The panel that led the investigation said Tuesday’s episode was just the latest in must-see TV, which is a revision of the way most congressional committees hold hearings. A typical playbook allows both sides to give their members an opportunity to answer multiple questions at once, which can be tedious and boring. Jan. 6, however, selected only one or two people to be responsible for the questions at every hearing. The members stick to their scripts and are usually well-informed. There have not been fishing expeditions unlike other hearings. Because Hutchinson, and others who preceded her, participated in private interviews before appearing in public, the legislators were well-acquainted with the facts. The investigators knew exactly how to pace the narrative and had all the evidence they needed.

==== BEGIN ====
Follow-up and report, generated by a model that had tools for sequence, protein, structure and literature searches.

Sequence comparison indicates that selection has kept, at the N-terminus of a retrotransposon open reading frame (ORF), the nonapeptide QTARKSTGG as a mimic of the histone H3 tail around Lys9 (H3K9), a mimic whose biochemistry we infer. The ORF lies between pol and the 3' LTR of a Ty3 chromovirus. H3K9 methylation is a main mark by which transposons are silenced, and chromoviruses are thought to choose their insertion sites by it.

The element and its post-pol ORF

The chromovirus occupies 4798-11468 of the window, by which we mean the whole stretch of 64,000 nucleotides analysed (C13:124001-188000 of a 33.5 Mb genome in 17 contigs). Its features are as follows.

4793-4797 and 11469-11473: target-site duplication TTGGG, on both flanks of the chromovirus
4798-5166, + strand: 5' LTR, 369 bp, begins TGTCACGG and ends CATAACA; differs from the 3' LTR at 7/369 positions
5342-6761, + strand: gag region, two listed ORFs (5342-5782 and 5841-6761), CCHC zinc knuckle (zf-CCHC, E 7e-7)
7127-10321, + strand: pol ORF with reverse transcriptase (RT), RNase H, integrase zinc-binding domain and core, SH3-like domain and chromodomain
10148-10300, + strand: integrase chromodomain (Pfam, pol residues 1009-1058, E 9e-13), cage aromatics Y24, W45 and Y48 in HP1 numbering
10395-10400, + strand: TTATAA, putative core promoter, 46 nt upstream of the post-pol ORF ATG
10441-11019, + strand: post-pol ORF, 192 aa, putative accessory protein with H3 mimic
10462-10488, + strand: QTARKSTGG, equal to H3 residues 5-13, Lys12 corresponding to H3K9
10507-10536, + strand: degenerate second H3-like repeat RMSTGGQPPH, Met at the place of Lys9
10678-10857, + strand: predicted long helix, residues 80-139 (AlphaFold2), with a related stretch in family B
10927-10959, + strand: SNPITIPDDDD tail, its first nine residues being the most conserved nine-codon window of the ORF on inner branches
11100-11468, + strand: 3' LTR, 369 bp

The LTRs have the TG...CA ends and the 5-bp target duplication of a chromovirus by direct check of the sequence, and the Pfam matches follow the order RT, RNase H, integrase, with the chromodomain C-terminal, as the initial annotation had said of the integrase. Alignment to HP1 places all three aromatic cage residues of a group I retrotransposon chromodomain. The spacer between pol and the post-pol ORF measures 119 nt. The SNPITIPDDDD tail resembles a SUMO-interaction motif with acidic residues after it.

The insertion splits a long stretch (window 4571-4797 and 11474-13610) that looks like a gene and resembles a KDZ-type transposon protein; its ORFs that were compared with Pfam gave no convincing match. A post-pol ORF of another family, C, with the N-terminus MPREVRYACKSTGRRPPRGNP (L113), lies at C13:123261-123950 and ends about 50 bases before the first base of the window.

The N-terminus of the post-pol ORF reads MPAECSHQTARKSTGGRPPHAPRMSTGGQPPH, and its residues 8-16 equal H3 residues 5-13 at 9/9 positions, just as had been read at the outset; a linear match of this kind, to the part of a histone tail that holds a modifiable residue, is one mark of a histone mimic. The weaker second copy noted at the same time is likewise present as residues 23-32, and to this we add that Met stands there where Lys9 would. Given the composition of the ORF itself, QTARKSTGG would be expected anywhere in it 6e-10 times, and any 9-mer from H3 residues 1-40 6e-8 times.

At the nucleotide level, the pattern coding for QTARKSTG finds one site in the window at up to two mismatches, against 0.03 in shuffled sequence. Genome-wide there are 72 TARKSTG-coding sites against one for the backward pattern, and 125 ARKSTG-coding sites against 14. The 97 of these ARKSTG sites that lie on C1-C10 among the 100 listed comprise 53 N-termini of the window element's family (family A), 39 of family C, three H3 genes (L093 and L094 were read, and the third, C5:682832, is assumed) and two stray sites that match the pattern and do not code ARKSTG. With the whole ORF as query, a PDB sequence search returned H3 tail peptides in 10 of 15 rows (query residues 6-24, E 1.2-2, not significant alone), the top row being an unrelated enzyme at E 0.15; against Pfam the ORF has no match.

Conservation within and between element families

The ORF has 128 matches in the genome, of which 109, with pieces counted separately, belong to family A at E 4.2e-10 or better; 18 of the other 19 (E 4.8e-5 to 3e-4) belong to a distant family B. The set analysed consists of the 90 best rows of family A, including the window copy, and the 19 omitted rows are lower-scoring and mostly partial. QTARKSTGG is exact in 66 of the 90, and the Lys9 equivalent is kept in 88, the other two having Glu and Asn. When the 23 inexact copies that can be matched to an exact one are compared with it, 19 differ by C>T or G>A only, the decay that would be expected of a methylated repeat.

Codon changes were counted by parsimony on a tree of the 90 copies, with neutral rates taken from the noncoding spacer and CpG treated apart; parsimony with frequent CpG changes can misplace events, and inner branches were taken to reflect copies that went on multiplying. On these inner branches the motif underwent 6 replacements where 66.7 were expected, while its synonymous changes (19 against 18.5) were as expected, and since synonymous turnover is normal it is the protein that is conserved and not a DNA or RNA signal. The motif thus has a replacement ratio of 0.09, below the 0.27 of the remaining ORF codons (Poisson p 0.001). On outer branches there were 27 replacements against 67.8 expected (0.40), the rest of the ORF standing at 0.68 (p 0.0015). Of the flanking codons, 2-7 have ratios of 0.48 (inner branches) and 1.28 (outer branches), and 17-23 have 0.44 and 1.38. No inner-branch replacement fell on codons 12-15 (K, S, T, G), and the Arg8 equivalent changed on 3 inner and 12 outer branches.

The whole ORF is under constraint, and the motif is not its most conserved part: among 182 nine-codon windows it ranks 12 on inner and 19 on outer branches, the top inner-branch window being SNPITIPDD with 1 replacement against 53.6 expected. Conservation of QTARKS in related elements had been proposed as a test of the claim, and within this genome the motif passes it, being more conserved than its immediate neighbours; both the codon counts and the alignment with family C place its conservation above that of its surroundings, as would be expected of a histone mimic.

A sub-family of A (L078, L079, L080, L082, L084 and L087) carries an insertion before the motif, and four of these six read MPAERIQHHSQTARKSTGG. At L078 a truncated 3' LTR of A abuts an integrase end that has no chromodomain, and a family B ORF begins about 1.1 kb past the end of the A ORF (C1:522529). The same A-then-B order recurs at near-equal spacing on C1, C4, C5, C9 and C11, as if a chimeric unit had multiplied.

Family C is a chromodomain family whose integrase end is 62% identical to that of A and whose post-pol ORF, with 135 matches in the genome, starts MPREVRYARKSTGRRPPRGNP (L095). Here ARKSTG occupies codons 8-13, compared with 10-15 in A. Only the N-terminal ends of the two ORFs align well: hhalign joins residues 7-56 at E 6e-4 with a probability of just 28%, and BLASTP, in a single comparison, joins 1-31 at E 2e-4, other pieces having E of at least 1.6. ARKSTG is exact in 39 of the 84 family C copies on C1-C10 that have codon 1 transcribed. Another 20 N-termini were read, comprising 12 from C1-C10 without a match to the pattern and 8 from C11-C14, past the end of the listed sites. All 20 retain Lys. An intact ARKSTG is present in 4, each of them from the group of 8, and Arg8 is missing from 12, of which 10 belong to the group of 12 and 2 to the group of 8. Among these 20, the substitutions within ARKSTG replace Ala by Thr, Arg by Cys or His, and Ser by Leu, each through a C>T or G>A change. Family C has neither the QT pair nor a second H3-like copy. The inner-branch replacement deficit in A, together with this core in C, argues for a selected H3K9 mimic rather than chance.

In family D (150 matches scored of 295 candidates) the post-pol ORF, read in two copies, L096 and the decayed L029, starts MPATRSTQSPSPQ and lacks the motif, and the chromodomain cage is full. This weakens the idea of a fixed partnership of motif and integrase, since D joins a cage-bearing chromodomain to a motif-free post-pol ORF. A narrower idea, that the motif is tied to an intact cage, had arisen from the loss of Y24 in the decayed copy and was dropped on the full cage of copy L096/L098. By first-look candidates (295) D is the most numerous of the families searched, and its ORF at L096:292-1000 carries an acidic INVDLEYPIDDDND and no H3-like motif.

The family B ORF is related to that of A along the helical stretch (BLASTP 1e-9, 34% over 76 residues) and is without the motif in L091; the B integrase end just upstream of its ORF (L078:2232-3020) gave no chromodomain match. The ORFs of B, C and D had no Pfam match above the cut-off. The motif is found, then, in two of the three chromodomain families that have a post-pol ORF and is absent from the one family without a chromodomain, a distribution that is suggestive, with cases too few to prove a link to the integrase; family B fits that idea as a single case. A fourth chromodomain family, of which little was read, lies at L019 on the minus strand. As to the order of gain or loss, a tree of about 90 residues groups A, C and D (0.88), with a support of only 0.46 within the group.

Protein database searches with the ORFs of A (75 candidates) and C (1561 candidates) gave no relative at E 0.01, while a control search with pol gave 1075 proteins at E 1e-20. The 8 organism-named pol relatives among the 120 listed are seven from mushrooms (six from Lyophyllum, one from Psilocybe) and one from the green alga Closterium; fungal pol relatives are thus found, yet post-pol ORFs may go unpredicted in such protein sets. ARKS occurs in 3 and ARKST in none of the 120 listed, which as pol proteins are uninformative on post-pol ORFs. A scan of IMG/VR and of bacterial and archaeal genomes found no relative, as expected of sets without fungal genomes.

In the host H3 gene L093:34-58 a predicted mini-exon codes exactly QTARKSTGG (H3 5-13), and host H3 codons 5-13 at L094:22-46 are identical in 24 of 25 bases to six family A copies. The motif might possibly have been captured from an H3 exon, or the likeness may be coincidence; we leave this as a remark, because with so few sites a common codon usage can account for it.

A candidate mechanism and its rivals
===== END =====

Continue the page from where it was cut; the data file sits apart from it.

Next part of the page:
The hearings may change few minds about what happened on Jan. 6 and who—if anyone—deserves responsibility. The polling clearly shows that there are clear differences by party. And the audience to the televised hearings is heavily Democratic. Trump’s true believers aren’t going to be swayed by the likes of Hutchinson; they still think Trump should be sitting in the White House and Biden was wrongly installed.